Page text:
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in his mind. When he arose and went back along the street to the station master's house and when the woman there looked at him reproachfully and muttered words about the poor white trash of the town, he was ashamed and looked at the floor.
Hugh began to hate his own father and his own people. He connected the man who had bred him with the dreaded inclination toward sloth in himself. When the farmhand came to the station and demanded the money he had earned by carrying trunks, he turned away and went across a dusty road to the Shepard's house. After a year or two he paid no more attention to the dissolute farmhand who came occasionally to the station to mutter and swear at him; and, when he had earned a little money, gave it to the woman to keep for him. "Well," he said, speaking slowly and with the hesitating drawl characteristic of his people, "if you give me time I'll learn. I want to be what you want me to be. If you stick to me I'll try to make a man of myself."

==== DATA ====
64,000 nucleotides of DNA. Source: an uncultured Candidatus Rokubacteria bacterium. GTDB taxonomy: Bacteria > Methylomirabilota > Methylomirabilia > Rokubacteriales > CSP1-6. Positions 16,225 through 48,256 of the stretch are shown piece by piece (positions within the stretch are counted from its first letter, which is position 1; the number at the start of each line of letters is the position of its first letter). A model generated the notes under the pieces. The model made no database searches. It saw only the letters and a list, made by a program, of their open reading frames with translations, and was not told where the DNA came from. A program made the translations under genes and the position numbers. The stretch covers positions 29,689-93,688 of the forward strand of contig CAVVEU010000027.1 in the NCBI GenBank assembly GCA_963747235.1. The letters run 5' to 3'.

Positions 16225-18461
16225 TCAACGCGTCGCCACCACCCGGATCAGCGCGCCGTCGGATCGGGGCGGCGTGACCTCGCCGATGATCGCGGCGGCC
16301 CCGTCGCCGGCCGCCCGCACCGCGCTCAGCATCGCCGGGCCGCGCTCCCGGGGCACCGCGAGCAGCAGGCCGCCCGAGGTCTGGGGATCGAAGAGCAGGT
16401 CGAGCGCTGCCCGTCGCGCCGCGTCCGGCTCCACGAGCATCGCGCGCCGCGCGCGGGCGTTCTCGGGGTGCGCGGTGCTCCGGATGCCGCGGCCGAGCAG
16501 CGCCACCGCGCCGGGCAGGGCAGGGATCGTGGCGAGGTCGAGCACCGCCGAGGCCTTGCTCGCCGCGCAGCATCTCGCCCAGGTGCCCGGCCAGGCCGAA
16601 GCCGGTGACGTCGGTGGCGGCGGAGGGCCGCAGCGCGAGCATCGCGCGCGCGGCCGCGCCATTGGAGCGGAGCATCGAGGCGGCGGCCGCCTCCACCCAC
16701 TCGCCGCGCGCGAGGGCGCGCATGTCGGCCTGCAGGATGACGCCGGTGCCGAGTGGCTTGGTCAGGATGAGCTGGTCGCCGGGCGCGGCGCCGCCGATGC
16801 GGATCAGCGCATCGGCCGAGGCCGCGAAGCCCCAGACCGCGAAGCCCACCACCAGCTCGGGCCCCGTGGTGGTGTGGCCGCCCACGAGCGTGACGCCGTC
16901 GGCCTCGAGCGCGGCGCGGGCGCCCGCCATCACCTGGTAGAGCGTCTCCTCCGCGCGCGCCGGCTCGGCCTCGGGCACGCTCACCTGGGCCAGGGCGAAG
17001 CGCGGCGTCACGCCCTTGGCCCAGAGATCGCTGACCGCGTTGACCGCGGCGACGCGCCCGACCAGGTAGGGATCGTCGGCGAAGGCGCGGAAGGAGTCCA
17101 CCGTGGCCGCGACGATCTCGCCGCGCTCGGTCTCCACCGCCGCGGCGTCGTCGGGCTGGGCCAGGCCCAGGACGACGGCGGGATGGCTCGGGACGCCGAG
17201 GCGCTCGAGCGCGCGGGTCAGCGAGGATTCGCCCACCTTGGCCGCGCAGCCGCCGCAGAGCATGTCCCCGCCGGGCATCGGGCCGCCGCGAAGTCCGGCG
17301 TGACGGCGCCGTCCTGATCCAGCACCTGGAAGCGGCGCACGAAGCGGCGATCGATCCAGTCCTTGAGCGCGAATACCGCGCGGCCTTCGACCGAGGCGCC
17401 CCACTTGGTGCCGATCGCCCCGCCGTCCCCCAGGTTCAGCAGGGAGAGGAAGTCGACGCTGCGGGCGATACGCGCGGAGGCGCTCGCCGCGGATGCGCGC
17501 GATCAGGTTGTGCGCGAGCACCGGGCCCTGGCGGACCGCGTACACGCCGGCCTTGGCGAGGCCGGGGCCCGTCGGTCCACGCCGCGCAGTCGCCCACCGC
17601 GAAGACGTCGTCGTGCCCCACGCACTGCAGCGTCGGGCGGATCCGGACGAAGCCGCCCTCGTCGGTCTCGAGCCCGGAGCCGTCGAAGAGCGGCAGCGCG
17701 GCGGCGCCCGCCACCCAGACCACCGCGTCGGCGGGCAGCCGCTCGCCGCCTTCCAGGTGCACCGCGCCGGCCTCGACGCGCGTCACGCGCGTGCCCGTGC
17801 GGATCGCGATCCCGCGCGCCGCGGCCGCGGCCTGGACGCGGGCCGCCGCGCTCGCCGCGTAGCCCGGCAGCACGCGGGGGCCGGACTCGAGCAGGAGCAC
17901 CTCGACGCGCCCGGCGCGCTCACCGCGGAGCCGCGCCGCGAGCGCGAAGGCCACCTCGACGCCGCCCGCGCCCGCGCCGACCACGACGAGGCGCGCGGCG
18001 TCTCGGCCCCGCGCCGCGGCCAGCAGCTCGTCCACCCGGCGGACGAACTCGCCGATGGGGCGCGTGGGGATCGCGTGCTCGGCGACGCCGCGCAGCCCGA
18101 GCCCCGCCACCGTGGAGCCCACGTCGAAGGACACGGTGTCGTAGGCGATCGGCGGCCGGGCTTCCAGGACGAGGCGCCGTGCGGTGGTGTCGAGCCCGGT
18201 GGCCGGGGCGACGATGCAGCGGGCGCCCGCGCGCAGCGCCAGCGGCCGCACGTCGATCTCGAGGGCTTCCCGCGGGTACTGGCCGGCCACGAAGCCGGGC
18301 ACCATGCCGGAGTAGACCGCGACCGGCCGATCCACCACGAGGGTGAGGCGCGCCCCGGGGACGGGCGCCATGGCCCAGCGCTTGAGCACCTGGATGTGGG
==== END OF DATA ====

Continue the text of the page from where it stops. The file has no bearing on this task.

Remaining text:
Hugh McVey lived in the Missouri town under the tutelage of Sarah Shepard until he was nineteen years old. Then the station master gave up railroading and went back to Michigan. Sarah Shepard's father had died after having cleared one hundred and twenty acres of the cut-over timber land and it had been left to her. The dream that had for years lurked in the back of the little woman's mind and in which she saw bald-headed, good-natured Henry Shepard become a power in the railroad world had begun to fade. In newspapers and magazines she read constantly of other men who, starting from a humble position in the